Check-in lane: For nearly a year, Dickinson residents have anxiously sought updates about the post-Harvey return of Ziegler’s Foods, 2308 FM 517.
And now there’s news straight from the family who owns the independent grocery store.
“Our intention is to reopen,” said Pam Tracy, whose family owns Ziegler’s Foods, which flooded during the August 2017 storm. “We found out the hard way that what we thought we had insurance coverage on becomes a battle to get a settlement on, as I’m sure many others have experienced. We are still trying to settle with the insurance company.”
Ziegler’s Foods is working to obtain financing to return to operations while it works on insurance settlements, Tracy said.
Tracy credits the city of Dickinson and its Economic Development Corp. for their help throughout the grocer’s efforts to recover from the storm.
“They have gone over and above providing us with guidance when we run across an issue,” she said.
But it’s the loyal customers that kept the owners going, she said.
“To be honest, there were days right after the storm that we were ready to throw in the towel,” she said. “We’ve had people tell us we are crazy to reopen, but we owe it to our community. There are not many independent grocers remaining, but the people of Dickinson have always supported us and we want to get back to being able to support them.”
Ziegler’s Foods has a history in Dickinson dating back to 1974 when Gerland’s Food Fair came to town by purchasing Klecka’s. Sometime later, Jerry West Ziegler Sr. became manager. In 1990, Ziegler, along with A.J. Gerland, founder of Gerland’s Food Fair, bought the Dickinson store now known as Ziegler’s Foods. In 1995, Ziegler bought out Gerland’s share and became sole owner.
Silver market: A national provider of in-home senior-care has opened a League City franchise office, 1100 Interstate 45. Senior Helpers offers services ranging from specialized care for those with diseases such as Alzheimer’s, dementia and Parkinson’s, to personal and companion care for those who need help with daily activities.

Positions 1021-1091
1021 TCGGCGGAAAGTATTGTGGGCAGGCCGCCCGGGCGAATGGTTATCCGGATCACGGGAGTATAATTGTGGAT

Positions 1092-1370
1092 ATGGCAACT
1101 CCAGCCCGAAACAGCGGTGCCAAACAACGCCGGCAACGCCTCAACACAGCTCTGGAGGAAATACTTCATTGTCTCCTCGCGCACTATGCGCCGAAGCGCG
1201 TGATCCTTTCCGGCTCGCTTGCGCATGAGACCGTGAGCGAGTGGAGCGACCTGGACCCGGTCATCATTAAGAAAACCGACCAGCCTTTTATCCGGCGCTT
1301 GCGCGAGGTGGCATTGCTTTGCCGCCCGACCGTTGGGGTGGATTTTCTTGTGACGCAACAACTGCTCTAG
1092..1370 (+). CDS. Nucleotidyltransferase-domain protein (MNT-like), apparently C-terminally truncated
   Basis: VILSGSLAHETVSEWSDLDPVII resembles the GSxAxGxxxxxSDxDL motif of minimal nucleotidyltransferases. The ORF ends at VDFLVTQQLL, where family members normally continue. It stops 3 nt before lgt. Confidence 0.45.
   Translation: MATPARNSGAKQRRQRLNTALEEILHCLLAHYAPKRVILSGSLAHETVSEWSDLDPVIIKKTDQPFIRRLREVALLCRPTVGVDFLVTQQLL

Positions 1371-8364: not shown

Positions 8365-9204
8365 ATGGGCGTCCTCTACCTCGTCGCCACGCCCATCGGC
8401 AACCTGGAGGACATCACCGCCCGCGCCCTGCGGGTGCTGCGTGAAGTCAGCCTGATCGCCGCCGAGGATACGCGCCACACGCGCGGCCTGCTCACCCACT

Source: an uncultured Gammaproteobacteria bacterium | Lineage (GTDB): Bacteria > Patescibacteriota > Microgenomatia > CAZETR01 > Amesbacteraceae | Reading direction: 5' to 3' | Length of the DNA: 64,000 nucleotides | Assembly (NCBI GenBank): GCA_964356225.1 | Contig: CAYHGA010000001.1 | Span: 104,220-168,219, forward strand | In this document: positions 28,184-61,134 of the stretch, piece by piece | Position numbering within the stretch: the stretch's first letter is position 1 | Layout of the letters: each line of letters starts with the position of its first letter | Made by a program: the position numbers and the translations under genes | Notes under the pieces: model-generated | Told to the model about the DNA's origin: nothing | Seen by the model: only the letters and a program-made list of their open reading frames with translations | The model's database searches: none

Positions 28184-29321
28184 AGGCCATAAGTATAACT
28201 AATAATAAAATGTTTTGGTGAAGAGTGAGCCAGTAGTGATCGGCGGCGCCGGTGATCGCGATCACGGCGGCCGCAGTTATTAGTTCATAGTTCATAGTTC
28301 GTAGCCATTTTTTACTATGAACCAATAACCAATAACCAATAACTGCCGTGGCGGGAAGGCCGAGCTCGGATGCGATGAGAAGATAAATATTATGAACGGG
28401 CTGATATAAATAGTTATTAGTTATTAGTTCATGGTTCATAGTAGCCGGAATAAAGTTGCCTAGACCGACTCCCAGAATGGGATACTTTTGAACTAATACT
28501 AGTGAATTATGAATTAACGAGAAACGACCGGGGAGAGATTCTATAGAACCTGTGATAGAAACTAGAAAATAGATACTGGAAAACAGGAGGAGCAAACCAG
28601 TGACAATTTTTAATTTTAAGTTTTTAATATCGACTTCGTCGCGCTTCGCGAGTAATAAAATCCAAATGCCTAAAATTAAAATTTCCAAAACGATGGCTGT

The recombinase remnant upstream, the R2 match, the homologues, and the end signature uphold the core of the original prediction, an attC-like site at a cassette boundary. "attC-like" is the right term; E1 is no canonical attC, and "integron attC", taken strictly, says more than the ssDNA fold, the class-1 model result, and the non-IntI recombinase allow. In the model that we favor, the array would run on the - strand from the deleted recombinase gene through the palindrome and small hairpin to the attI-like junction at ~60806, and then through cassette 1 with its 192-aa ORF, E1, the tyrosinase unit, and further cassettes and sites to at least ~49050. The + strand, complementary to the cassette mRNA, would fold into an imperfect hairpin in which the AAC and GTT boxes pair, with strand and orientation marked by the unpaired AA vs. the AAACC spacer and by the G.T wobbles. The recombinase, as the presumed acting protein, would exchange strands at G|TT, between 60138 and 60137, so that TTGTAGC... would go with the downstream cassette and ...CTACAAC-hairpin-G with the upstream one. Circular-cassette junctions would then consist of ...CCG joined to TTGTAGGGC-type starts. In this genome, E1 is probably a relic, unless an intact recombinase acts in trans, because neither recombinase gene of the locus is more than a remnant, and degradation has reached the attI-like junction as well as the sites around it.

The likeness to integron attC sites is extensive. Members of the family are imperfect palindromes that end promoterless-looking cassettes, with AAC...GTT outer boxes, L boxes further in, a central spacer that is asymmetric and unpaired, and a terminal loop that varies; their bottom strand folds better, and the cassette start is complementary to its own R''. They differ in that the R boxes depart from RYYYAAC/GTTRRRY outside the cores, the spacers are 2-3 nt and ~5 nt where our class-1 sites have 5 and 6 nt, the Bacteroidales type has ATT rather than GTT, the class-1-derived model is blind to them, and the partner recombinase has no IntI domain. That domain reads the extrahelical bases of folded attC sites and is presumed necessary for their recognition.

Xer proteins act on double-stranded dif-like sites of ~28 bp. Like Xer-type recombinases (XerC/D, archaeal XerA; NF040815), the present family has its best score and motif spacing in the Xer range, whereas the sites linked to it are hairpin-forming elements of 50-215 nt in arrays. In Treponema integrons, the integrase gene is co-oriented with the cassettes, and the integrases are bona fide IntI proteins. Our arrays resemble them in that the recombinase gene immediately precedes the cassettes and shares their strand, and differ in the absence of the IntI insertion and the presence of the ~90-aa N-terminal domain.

Faith Brockers and Marie Youngblood will manage and operate the League City office. Faith is the wife of NFL player Michael Brockers of the Los Angeles Rams.
Dishing it: Grab your fork, because the area’s dining scene is brimming with buzz.
First, John Schafer plans a September opening of O2, a fine-dining restaurant in Clear Lake Shores in the space formerly occupied by Opus Bistro, 1002 Aspen Road, reports Ronnie Richards, president of the city’s Economic Development Corp.
Schafer couldn’t immediately be reached for comment. But rumor has it he has commissioned a premier Houston chef to create the O2 menu. Schafer plans to expand the bar area and add a second kitchen upstairs to meet demand, Richards said.
Schafer knows a thing or two about popular waterfront restaurants. He owns Outriggers Seafood Grill & Bar, 101 Bath St. in Seabrook. That 17-year-old restaurant will have to move for the $200 million state Highway 146 expansion. Outriggers, which is still open, is seeking a new site to open sometime in June or July next year, according to media posts.